Attorneys, store owner charged with planning extortion

YOUNGSTOWN, Ohio (WKBN) – A feud between two convenience store owners in Youngstown has turned into a tale of extortion, threats and conspiracy involving two local attorneys.

A six-count indictment was filed Tuesday charging three Youngstown-area men with Hobbs Act conspiracy, conspiracy to obstruct justice, making false statements and related charges, said Steven M. Dettelbach, United States Attorney for the Northern District of Ohio, and Stephen  D. Anthony, Special Agent in Charge of the Federal Bureau of Investigation’s Cleveland Office.

Indicted are Attorney Neal Atway, 47, of Youngstown; Attorney Scott Cochran, 43, of Austintown, and Mohd Rawhneh, 54, of Boardman.

Rawhneh, with the assistance of Atway and Cochran, obtained and attempted to obtain things of value from Charles B. Muth, who owns several convenience stores in the Youngstown area.

According to the indictment, Muth was facing sentencing in 2012 for a Dec. 28, 2011 incident where he went to Rawhneh’s house and fired shots into the residence. Rawhneh wasn’t home at the time, but his ex-wife was in the house.

State and federal charges were filed against Muth and he retained Atway as his legal counsel.

Through several court proceedings, Muth agreed to a plea deal and pleaded guilty in federal court on aggravated menacing, ethnic intimidation and illegal manufacture of drugs. While awaiting sentencing in the federal case, the indictment alleges that through Atway and Cochran, Rawhneh attempted to extort $50,000 from Muth in property, goods, and cash.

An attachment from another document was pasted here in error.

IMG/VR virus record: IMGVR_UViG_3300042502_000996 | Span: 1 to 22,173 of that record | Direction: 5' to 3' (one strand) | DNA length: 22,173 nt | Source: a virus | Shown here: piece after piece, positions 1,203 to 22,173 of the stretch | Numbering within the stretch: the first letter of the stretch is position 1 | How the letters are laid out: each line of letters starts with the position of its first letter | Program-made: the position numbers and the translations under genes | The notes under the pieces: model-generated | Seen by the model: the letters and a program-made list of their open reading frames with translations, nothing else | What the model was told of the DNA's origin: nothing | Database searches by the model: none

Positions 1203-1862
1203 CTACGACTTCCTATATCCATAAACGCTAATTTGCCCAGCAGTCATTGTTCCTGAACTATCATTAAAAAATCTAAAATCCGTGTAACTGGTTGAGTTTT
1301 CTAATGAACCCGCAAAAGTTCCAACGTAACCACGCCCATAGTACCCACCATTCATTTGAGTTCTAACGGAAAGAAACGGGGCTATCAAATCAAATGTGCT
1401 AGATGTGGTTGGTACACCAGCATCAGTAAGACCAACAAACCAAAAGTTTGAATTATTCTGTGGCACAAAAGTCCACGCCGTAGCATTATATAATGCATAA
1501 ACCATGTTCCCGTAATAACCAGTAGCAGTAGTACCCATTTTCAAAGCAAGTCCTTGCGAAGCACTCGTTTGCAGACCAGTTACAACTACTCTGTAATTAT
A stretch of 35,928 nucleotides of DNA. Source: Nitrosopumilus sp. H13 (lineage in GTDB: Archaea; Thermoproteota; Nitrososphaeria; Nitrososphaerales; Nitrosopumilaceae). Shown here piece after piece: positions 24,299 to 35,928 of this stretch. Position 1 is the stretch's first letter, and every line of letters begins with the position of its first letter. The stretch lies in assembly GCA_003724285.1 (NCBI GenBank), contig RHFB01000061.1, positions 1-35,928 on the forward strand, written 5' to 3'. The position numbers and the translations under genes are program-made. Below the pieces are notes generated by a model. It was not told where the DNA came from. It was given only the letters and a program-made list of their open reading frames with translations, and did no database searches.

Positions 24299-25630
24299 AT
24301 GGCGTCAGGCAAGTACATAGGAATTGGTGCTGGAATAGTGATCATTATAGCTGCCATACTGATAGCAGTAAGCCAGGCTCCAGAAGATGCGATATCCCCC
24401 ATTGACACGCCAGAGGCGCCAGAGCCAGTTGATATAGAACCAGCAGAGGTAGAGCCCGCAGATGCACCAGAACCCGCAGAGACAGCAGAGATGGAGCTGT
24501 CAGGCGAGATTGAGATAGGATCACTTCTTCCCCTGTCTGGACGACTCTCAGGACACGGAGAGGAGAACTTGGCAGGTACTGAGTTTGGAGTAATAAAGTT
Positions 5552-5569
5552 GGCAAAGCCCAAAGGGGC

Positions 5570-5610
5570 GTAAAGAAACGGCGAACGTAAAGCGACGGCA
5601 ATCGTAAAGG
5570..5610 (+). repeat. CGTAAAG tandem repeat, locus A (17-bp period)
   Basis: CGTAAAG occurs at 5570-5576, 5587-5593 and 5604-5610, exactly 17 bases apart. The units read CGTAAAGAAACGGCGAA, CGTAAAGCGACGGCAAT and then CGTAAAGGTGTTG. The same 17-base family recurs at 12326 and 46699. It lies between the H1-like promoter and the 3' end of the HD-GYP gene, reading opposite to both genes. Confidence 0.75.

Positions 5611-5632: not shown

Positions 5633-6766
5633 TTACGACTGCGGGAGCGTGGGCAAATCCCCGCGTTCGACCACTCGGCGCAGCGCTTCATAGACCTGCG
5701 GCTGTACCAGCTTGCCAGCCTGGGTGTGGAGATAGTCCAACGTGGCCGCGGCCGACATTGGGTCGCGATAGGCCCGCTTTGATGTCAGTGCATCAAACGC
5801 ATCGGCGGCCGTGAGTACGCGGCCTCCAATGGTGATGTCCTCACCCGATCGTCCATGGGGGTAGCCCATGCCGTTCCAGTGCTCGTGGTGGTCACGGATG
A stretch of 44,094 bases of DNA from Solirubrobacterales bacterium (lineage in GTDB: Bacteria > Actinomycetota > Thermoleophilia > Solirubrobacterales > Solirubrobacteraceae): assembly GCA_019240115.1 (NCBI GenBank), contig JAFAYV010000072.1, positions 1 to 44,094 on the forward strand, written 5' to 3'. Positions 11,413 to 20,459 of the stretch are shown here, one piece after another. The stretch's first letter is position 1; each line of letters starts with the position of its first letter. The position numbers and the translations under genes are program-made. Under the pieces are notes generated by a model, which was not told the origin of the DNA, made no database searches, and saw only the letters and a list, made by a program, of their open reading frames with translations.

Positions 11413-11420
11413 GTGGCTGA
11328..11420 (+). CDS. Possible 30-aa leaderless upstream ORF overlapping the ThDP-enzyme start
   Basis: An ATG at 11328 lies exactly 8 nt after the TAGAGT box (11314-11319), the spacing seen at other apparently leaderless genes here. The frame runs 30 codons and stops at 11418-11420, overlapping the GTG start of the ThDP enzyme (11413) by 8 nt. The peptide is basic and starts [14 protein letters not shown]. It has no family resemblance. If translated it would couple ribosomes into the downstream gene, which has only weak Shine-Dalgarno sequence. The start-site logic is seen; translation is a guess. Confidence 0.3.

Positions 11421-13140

Rawhneh threatened Muth that he would appear at Muth’s sentencing, which would influence the judge to impose a tougher sentence. But the intimidation didn’t stop there. According to the indictment, Muth said he was intimidated by Rawhneh several times through Atway and Cochran between April and November 2012, including an incident where Rawhneh allegedly pulled up beside Muth and formed his hand into a gun and pointed it at him. Muth also expressed his fear to Atway by saying, “I don’t want to (expletive) die.”

At one point Atway responded to Rawhneh’s concerns by saying, “You don’t want to die then you know what you got to do is make peace with everybody. If you make peace with him, I’ll make sure he doesn’t show up in federal court.”

Atway on several occasions tried to convince Muth to offer payments to Rawhneh in the amounts of $8,000, $20,000 and $25,000, according to the indictment.

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